April 14th, 2024

Numerous charges net short sentence

By Delon Shurtz - Lethbridge Herald on March 20, 2024.

LETHBRIDGE HERALDdshurtz@lethbridgeherald.com

Assaulting two peace officers, threatening to burn a third officer, assaulting a restaurant employee with a can and causing a disturbance has resulted in a short jail term for a Lethbridge woman.

Cheyanne McGinnis, 31, pleaded guilty Tuesday in Lethbridge court of justice to two counts of assaulting a peace officer, two counts of causing a disturbance and single counts of assault with a weapon and uttering threats to cause death or bodily harm. She was sentenced to 75 days in jail, but credited for 75 days already spent in custody, which completes her sentence. She will, however, be on probation for one year.

McGinnis began racking up the criminal offences on July 5 of last year when she was at Dairy Queen on the westside but had been refused service because she was rude and belligerent to staff members and had struck an employee in the face with a can.

As police, who were already nearby after responding to an unrelated call, walked toward the restaurant, McGinnis approached them and admitted what she had done, then turned around and walked away.

“A female approached them and said she had just punched an employee…because they had kicked her out of the restaurant,” Crown Prosecutor Marshall Gourlay told court.

Police followed McGinnis toward the business and arrested her.

A day later police were notified that McGinnis was harassing a woman. The woman told police McGinnis, who lived in an adjacent apartment, had yelled at her from her balcony and approached her residence numerous times to yell and call her names. Police, court was told, had warned McGinnis previously not to have any contact with the woman.

On July 6, however, the frightened victim called police and said McGinnis had returned to her apartment and was yelling again. When police responded and arrested McGinnis, she behaved erratically; yelling, swearing and uttering threats. She continued to scream and spit after she was placed in the police vehicle.

McGinnis was in trouble again five months later when, on Dec. 28, she was at a storage facility on the northside and causing a disturbance by yelling, screaming and kicking things after she was denied access to her mother’s storage container. Police arrived and found McGinnis lying face down in the middle of the lot.

“McGinnis began ranting incoherently about various government conspiracies, her disapproval of the Trudeau government, and how the police were the cause of the Israel-Palestine conflict, and other largely indecipherable matters,” Gourlay said. “Police continued to speak with McGinnis; she became highly elevated, stood up and began yelling at the top of her lungs while foaming at the mouth.”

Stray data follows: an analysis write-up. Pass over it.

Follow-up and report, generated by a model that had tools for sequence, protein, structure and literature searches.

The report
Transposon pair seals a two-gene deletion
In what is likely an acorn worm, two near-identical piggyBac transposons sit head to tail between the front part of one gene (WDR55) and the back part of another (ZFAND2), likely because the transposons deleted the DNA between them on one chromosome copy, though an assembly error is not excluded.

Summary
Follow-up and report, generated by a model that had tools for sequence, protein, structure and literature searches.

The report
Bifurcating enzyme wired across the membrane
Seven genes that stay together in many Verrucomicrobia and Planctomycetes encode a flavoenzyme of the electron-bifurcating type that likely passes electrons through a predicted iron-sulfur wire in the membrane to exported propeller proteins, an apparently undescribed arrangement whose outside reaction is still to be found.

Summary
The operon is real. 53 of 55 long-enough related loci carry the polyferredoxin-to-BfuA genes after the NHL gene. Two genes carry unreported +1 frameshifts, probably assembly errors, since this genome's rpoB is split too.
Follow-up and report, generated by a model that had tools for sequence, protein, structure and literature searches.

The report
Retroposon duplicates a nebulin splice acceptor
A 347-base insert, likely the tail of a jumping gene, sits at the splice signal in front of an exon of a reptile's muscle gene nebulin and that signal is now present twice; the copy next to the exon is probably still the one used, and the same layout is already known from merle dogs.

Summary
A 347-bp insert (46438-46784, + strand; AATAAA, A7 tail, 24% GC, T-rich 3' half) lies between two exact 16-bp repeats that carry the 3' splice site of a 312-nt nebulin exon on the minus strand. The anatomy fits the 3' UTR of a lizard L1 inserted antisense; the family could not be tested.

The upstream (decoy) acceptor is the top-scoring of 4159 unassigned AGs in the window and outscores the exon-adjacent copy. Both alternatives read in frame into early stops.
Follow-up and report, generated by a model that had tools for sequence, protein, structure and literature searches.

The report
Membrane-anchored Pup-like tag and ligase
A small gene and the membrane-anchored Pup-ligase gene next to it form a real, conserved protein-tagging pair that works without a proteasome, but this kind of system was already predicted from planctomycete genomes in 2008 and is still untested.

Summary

McGinnis fled from police but was arrested after a brief chase. During her arrest she punched an officer in the face and was taken to the ground and handcuffed. She continued struggling with police and had to be hobbled in order to get her in the police vehicle and prevent her from kicking officers and the vehicle.

On Feb. 6 of this year, while McGinnis was subject to a curfew, she was at the Chinook Regional Hospital where she was detained for assaulting a peace officer. When police arrived McGinnis was in the ambulance bay and was wearing a spit mask because she had spit on a peace officer’s face while she was being escorted off the property.

Only four days later McGinnis’s mother called police and said her daughter was having a manic episode outside the hospital where she had brought McGinnis to be assessed but who began causing a disturbance. Police attempted to calm McGinnis, without success, and when she walked away they attempted to stop her.

“McGinnis got upset and while (the officer) was standing in the way of her, she told (him) that she would burn his face, and gestured to a lit cigarette that she had in her hand, which she began to hold in a manner as if to swing at (the officer),” Gourlay said, noting that McGinnis was arrested for uttering threats.

Despite her spate of criminal offences last year and earlier this year, Gourlay noted McGinnis only has one criminal conviction for assault in 2021, for which she was given a conditional discharge.

Her lawyer, Marcus Mueller of Lethbridge, pointed out McGinnis struggles with mental health issues but was previously doing well. She graduated from Haskayne School of Business at the top of her class, and was doing well until things changed in her life.

“At one point (she) was working on Vancouver Island doing corporate insurance,” Mueller said. “The way it was described to me was that there was a 14-million underwrite, and that was actually her smallest file, so this is somebody, who not very long ago, was really succeeding in life. Obviously that’s taken a turn for the worse.”

Given her mental health, Mueller expressed his disappointment about how police dealt with her at the hospital.

“I just want to note how odd it is that a person who is obviously suffering some sort of a mental breakdown, sent to the hospital, which is where you’d think a person in that situation ought to go and ought to be well-received, and instead she ended up getting kicked out and then arrested; post-arrest conduct, lets say, when she’s clearly struggling with her mental health. As defence I just care to note that it’s a little bit less than charitable on the part of police.”

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